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Ukraine War Archive: with EU support, the Docudays NGO collects video evidence of war-related events in Ukraine

NGO Docudays with the financial support of the European Union is launching a website of the Ukraine War Archive initiative. This initiative aims to collect video and audio evidence of war. The new website will help upload materials in a more convenient way and share information about the project. The team of the initiative collects, verifies, categorises and systemarises large volumes of video footage so that evidence of crimes is not lost in information streams and is available for usage in the media, cultural, and legal fields. Access to the Archive itself will be available later upon request.

Tetyana Shulha, Sector Manager for Culture, Youth, Sports and Gender at the EU Delegation to Ukraine said: “We find this project of crucial importance. The European Union countries know a lot about the significance of keeping  the evidences of lives taken, families separated, heritage turned into ashes. Not a single crime shall go unreported, undocumented in the most precise manner and eventually unpaid.  This is Ukraine’s history in making, a story the world needs to hear”.

Ukraine War Archive (UWA) is a united database of video and audio materials that document the Russian invasion of Ukraine. Since February 24, 2022, millions of Ukrainians have become witnesses and victims of the biggest war in Europe in decades. Fortunately, most people now have recording devices that can capture every scene and every crime of this war. Ukraine War Archive is set to collect all those bits of evidence, catalogue them, and make sure nothing is left unnoticed and unaddressed. This archive is set to tell the world what it’s like to live through this war.

“In order to document as comprehensive and as accurate a picture as possible, to collect evidence of war crimes, we need to consolidate and work together. The War Archive aims to combine the efforts of those who work on the side of truth, justice, and protecting Ukraine’s interests,” said Maria Buchelnikova, Project Coordinator for the Ukraine War Archive.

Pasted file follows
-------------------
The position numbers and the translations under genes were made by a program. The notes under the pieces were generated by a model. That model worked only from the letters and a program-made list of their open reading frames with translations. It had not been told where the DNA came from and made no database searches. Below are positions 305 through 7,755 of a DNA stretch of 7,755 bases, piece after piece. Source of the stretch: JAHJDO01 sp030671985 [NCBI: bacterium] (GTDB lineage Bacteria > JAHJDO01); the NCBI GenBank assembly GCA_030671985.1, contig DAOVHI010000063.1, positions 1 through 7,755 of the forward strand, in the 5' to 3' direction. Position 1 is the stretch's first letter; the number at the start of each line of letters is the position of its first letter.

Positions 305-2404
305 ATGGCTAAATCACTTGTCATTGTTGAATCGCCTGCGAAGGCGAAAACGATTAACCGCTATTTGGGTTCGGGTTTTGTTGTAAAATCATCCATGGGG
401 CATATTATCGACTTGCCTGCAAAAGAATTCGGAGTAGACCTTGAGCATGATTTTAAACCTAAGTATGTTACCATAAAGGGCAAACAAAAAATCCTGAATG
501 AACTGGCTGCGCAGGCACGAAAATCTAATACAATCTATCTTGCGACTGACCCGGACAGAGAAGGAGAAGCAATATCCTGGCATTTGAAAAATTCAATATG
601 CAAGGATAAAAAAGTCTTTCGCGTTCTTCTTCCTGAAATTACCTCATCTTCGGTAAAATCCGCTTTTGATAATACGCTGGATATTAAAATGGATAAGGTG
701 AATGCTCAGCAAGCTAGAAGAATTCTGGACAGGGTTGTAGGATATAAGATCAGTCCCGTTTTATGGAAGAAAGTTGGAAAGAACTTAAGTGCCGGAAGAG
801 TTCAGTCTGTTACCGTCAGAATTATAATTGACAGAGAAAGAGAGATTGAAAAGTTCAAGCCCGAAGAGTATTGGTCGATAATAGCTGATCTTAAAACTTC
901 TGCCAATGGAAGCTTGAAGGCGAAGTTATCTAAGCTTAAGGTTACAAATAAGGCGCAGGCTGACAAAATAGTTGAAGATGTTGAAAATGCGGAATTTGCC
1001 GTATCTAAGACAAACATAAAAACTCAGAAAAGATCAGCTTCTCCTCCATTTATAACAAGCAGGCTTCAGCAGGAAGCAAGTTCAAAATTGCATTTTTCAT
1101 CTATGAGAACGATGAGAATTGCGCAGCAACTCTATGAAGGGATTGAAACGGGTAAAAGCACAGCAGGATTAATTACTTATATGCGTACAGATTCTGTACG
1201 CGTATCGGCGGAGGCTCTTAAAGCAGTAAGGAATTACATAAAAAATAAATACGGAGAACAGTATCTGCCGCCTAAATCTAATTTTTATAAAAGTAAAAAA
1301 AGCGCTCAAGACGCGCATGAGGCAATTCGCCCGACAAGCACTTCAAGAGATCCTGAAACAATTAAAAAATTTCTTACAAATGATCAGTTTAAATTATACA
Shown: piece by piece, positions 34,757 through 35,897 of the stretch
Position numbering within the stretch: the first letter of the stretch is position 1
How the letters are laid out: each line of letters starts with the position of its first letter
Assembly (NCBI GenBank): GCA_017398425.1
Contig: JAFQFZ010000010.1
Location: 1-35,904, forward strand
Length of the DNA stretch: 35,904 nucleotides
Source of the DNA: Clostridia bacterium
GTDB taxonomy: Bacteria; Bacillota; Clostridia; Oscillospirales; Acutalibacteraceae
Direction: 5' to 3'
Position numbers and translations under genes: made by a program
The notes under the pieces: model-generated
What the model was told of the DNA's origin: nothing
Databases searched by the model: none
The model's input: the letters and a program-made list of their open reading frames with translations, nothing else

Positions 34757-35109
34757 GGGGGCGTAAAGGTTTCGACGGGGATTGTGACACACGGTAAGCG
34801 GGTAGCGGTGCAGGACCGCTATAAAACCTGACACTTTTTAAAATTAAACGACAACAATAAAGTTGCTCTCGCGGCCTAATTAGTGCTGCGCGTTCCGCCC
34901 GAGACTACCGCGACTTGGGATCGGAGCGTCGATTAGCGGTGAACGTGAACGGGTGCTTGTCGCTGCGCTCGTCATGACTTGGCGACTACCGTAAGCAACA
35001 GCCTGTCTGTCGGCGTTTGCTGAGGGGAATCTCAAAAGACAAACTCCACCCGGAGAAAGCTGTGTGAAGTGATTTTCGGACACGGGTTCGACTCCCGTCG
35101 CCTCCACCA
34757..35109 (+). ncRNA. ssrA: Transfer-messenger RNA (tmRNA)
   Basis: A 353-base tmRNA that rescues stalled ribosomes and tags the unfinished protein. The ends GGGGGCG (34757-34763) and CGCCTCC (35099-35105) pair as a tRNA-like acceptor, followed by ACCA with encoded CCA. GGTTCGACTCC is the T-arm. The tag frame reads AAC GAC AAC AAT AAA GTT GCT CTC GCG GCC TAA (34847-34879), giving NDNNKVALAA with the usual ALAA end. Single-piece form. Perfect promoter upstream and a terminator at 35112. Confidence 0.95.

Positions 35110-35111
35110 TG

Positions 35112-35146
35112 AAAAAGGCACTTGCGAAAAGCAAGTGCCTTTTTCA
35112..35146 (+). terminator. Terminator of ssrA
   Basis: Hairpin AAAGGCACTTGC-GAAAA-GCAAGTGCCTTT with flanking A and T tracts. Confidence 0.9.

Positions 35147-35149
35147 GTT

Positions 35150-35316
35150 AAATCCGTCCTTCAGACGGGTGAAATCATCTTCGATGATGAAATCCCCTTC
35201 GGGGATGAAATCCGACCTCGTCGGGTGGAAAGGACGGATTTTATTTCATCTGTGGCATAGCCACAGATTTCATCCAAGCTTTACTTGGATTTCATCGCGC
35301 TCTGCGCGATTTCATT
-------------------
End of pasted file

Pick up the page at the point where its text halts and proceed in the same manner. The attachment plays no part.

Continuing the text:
Anybody can become a contributor to the Ukraine War Archive: you just need to upload your files and specify additional information (name, date, location, etc.). Read how to do this on the project website.

The initiative collects materials covering life and routine during the war, civilian resistance against the aggressor, evacuation or the experience of staying in bomb shelters, destruction, violence and other crimes committed by the Russian army in the Ukrainian territory, as well as other footage filmed during the war which seems important to people. Among other things, users are urged to report on gender-based violence and the situation of women during the war. The initiative guarantees full confidentiality to the authors of the submitted materials.

The archive is constructed according to the international standards of using materials as evidence in the International Criminal Court. The database has security certification against unsanctioned access as well as several reserve copies located outside Ukraine.

For the purpose of cataloguing, the team has developed its own system of verification, tagging and description of the data. Maksym Demydenko, the head of Infoscope, a partner organisation which provides technical maintenance for the Archive, who runs the aspect of data collection and research in the project, explains: “After you upload a video, the system automatically makes its reserve copy and converts the file into a convenient format for viewing. Our team of taggers watches the video and adds keywords and specially developed tags to specific time codes, which allows us to categorise the events of the war and record war crimes. This is important, in particular, in order to allow human rights advocates to use the Archive. We are currently working on additional tools for the platform, such as automatic transcription, aggregation of news and messages.”

Another important part of the Archive will also be interviews with witnesses of war crimes and events.

Roman Bondarchuk, Project Manager and Docudays UA Art Director, says: “Our team follows the chronology of the key events of the war day after day, working on adding evidence about them to the Archive. If there isn’t enough video evidence of the event, we look for witnesses and interview them. The methodology for these interviews was developed in cooperation with human rights defenders, psychologists and lawyers, so they will also work as evidence in court.”

Share information about the project and its website so that more people can join the collection of materials that testify to Russia’s crimes against Ukraine.

You can download the project’s press kit at this link.
You can watch a video of the Ukraine War Archive on the
YouTube channel of the Docudays UA Film Festival.

 

Background information:

The Ukrainian War Archive project has been created with the support of ISAR Ednannia as a part of the Urgent EU Support for Civil Society project, with financial support from the European Union, as well as the Sectoral Support for Civil Society Initiative, implemented by ICAP Ednannia in consortium with the Ukrainian Center for Independent Political Research (UCIPR) and the Center for Democracy and Rule of Law (CEDEM) thanks to the sincere support of the American people provided through USAID.

The Ukraine War Archive is supported by the European Union under the House of Europe programme.

With financial support from the Czech organisation People in Need, as a part of the SOS Ukraine initiative.

 

For additional information, please contact Yulia Kartashova via julia.kartashova@docudays.ua +38 097 720 86 09.